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Meaning and Definition of Perception
Human beings are constantly attacked by numerous sensory stimulations including noise, sight, smell, taste etc, The critical question in the study of perception is why the same universe is viewed differently by different persons? The answer is the perception. Different people perceive the universe differently. Perception is the process through which the information from outside environment is selected, received, organized and interpreted to make it meaningful to us. Perception is the process by which individuals organize and interpret their sensory impressions in order to give meaning to their environment According to Kolasa, Perception is selection and organization of material which stems from the outside environment at one time or the other to provide the meaningful entity we experience. According to S.P. Robbins, Perception may be defined as a process by which individuals organize and interpret their sensory impressions in order to give meaning to their environment. According to Joseph Reitz, Perception includes all those processes by which an individual receives information about his environment seeing, hearing, feeling, tasting, and smelling.

Features of Perception
From the above discussion, we can identify the features of perception as follows: i) Perception is the intellectual process through which a person selects the data from the environment, organizes it, and obtains meaning from it. ii) Perception is a basic cognitive or psychological process. The manner in which a person perceives the environment affects his behavior. Thus, people's actions, emotions, thoughts, or feelings are triggered by the perception of their surroundings. iii) Perception is a subjective process and different people may perceive the same environmental event differently based on what particular aspects of the situation they choose to absorb, how they organize this information, and the manner in which they interpret it to obtain the understanding of the situation.

Importance of Perception
1) Perception is very important in understanding the human behavior, because every person perceives the world and approaches the life problems differently. Whatever we see or feel is not necessarily the same as it really is. It is because what we hear is not what is really said, but what we perceive as being said. When we buy something, it is not because it is the best, but because we take it to be the best. Thus, it is because of perception, we can find out why one individual finds a job satisfying while another one may not be satisfied with it. 2) If people behave on the basis of their perception, we can predict their behavior in the changed circumstances by understanding their present perception of the environment. One person may be viewing the facts in one way which may be different from the facts as seen by another viewer. 3) With the help of perception, the needs of various people can be determined, because people's perception is influenced by their needs. Like the mirrors at an amusement park, they distort the world in relation to their tensions. 4) Perception is very important for the manager who wants to avoid making errors when dealing with people and events in the work setting. This problem is made more complicated by the fact that different people perceive the same situation differently. In order to deal with the subordinates effectively, the managers must understand their perceptions properly.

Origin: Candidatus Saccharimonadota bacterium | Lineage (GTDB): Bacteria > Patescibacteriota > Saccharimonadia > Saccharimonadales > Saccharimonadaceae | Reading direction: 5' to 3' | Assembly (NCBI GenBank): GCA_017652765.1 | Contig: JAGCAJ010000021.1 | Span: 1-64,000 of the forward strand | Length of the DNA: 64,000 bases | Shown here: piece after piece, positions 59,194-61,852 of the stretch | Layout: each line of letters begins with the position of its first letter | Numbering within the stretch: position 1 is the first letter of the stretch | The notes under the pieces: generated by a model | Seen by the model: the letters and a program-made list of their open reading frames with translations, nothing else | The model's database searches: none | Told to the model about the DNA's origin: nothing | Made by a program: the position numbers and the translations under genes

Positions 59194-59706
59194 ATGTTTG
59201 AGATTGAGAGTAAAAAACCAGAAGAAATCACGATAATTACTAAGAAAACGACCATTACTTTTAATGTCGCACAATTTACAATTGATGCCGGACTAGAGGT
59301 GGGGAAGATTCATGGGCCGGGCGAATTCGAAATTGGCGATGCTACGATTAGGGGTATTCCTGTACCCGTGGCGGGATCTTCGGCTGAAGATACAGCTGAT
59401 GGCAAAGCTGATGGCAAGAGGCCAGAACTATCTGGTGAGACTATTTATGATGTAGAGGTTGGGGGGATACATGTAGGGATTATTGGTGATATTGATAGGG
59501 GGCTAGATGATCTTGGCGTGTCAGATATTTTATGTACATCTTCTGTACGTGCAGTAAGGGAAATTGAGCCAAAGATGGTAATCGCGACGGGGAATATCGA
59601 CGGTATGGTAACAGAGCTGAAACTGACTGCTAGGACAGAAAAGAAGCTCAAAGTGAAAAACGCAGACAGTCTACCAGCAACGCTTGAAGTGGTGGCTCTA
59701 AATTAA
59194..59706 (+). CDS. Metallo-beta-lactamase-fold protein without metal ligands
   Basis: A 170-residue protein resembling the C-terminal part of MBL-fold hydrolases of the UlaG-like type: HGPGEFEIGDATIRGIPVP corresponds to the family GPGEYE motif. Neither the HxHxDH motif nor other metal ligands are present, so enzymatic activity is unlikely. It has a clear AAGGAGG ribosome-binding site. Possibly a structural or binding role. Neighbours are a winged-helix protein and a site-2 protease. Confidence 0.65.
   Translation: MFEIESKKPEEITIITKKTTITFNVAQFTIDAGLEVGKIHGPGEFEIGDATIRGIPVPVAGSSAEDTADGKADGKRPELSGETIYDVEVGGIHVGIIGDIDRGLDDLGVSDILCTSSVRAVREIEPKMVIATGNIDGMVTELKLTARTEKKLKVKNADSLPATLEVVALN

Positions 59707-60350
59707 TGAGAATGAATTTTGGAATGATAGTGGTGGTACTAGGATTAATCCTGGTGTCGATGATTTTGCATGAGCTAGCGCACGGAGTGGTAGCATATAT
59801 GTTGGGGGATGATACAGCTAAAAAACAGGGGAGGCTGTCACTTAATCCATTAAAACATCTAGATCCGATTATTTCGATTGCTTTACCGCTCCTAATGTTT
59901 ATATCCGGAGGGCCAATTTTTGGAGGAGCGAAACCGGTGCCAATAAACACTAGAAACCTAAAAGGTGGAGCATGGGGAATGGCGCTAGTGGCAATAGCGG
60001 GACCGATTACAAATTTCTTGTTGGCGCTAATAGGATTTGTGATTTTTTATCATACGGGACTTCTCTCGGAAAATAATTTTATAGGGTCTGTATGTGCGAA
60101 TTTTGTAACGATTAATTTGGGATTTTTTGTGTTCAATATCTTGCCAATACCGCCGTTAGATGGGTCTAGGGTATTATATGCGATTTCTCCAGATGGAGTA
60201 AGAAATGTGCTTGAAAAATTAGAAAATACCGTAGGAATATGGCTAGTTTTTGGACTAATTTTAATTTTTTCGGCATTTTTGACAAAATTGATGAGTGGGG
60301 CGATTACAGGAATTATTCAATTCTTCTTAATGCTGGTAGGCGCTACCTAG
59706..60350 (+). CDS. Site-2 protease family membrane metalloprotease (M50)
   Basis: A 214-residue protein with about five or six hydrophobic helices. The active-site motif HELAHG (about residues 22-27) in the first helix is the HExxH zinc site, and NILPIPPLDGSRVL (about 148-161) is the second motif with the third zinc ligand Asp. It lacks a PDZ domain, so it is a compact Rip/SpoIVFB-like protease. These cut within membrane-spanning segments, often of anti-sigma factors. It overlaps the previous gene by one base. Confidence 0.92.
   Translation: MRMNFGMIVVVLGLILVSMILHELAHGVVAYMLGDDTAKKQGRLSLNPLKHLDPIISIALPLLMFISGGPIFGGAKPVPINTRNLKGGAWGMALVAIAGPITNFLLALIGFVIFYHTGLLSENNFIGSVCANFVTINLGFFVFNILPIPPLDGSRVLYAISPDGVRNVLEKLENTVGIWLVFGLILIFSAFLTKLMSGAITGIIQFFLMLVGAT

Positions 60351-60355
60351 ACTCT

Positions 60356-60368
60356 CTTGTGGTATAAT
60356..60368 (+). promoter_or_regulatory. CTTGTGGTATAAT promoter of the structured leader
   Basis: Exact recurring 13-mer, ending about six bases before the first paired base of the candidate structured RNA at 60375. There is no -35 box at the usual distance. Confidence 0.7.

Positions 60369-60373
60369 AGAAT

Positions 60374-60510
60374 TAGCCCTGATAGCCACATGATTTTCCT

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Thus, for understanding the human behavior, it is very important to understand their perception, that is, how they perceive the different situations. Peoples behavior is based on their perceptions of what reality is, not on reality itself. The world as it is perceived is the world that is important for understanding the human behavior.

Components of Perception
Perception is a process of sensory organs. The mind gets information through the five sense organs, viz., the eyes, ears, nose, tongue and skin. The stimulation coming to these organs may be through action, written messages, oral communication, odor, taste, touch of the product and people. The perception starts with the awareness of these stimuli. Recognizing these stimuli takes place only after paying attention to them. These messages are then translated into action and behavior.
Stimuli 1) Overt Environment i) Physical, ii) Socio-cultural iii) Work relation Covert or Internal Environment i) Sensor ii) Self Attention Sensory and Neural Mechanisms Recognition Mediators and Physical organisms Translation Response organism Decisions


Satisfaction Expectation and Performance Evaluation

Performance Action Satisfaction Reaction Retrospection

Behavior Overt Physical Action Covert Mental State

Figure: Components of Perception